Flight attendants ensure the safety and comfort of passengers on airplanes. They require little education but must obtain FAA certification. The number of positions for flight attendants is predicted to grow slower than average from 2014-2024.
Airline stewards are responsible for the safety, security and comfort of passengers aboard airplanes. Competition for these positions is high and job growth for the profession is expected to decline. All stewards must undergo a training program with the company that hires them, as well as earning certification with the Federal Aviation Administration (FAA).
|Required Education||High school diploma|
|Other Requirements||Short-term training program and FAA certification|
|Projected Job Growth (2014-2024)||2%*|
|Mean Annual Salary (2015)||$46,750*|
Source: *U.S. Bureau of Labor Statistics
Airline stewards are responsible for the accommodation of passengers aboard transport flights. They instruct passengers on the safety procedures of the plane, deliver drinks and food, relay messages from the captain and help with any problems a passenger has onboard. They assist elderly and disabled people and small children and administer first aid when needed. Stewards also deal with much of the ticketing aspect of flying and must keep records of the information.
Airline stewards begin their careers as reserves, which means that they must fly on short notice to fill in for sick or rerouted attendants. Reserve status usually lasts for at least one year but can last up to five, after which stewards are eligible to bid on the assignments they would like to fly on. Advancement to upper level positions is possible, but increasingly difficult, because more attendants are staying with companies longer today than in the past.
Education Requirements for the Career
There are no formal education requirements for airline stewards beyond earning a high school diploma. However, some colleges offer flight attendant training programs at the certificate and associate degree levels. Coursework includes aviation safety, fundamentals of flight operations, first aid and other areas. Such programs are designed to provide students with a jump-start in order to compete in this highly desirable career. Because dealing with the public is an important part of the job, a degree in travel and tourism, hospitality, nursing, communications or another people-oriented area may also prove helpful.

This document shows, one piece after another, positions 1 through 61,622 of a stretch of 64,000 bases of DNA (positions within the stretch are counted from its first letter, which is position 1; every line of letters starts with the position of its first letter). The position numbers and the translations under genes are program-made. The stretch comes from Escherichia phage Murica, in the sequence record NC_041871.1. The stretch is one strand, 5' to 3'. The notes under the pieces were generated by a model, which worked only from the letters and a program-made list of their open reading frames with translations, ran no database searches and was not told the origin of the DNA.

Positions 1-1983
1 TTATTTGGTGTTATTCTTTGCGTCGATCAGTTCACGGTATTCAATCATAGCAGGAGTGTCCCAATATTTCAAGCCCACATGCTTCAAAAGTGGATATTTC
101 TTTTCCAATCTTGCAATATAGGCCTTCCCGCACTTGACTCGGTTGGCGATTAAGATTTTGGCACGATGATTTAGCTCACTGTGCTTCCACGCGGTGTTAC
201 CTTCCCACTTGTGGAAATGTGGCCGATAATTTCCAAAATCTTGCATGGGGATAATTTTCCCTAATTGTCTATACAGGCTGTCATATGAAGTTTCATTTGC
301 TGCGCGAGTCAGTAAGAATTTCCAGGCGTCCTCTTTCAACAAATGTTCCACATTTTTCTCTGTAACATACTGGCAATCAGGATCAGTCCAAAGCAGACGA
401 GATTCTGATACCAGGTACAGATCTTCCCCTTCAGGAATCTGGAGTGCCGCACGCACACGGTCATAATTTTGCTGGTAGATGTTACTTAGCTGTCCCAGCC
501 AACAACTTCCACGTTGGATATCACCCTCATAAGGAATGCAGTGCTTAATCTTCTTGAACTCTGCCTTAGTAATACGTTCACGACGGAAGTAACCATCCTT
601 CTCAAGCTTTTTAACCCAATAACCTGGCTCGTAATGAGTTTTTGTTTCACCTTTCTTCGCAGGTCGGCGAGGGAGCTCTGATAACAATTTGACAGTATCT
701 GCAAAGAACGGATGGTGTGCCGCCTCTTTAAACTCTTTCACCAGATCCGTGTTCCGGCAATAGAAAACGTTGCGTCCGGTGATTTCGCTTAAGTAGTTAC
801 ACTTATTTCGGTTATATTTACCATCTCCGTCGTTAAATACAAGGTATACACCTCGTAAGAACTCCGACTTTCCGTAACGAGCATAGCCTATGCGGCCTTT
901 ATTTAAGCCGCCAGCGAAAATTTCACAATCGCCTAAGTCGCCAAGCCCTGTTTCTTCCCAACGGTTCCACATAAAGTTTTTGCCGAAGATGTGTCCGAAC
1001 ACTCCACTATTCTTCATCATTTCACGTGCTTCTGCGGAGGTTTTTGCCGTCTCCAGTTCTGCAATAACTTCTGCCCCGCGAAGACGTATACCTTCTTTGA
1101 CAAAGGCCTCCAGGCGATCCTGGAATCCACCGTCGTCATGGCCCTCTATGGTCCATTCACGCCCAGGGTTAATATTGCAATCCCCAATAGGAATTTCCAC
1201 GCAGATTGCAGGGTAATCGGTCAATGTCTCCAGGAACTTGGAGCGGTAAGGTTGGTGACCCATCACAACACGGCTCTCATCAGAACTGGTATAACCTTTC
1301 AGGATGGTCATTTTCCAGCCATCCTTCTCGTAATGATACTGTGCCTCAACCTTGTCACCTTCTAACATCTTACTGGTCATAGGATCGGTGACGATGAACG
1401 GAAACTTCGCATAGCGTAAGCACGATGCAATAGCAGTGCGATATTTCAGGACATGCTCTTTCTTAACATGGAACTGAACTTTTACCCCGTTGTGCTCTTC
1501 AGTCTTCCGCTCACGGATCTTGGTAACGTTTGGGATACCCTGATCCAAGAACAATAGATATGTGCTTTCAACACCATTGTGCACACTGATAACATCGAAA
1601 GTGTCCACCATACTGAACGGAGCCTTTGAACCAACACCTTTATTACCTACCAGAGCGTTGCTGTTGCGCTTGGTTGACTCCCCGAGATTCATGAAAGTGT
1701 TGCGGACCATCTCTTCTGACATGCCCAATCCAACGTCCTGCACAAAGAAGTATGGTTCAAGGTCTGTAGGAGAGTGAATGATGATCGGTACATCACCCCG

Training and Certification
All airline stewards must be certified by the FAA. To earn certification, individuals must undergo a training program with an airline. Training lasts between three and six weeks, depending on the airline. During this period, potential stewards learn about company and emergency operation procedures, including first aid, fire fighting, aircraft evacuation and water survival. They also learn how to deal with difficult passengers, terrorist threats and hijacking situations. Trainees are tested throughout the course. They must perform drills and duties in front of training staff and go on practice flights.
Successful completion of the program awards a Certificate of Demonstrated Proficiency. Flight attendants are certified for specific types of aircraft. The FAA also conducts a thorough background check on all potential stewards.
Salary and Career Information
The BLS reported that there were 108,510 flight attendants working for U.S. airlines in 2015. Employment openings for this occupation were expected to increase 2% from 2014-2024. Open positions for stewards on major airlines typically receive a large number of applicants, and the profession is coveted by some due to the potential to travel the world.
The earnings of airline stewards depend on a number of factors, including the company that employs them, distance traveled, years of experience and rank among stewards. According to the U.S. Bureau of Labor Statistics (BLS), the mean annual salary of flight attendants was $46,750 as of May 2015. An added bonus of the job is free or discounted plane tickets for stewards and their families.
A flight attendant usually requires only a high school diploma. They must become certified by the FAA for a specific aircraft by completing a course and passing tests. Their average annual salary is about $47,000.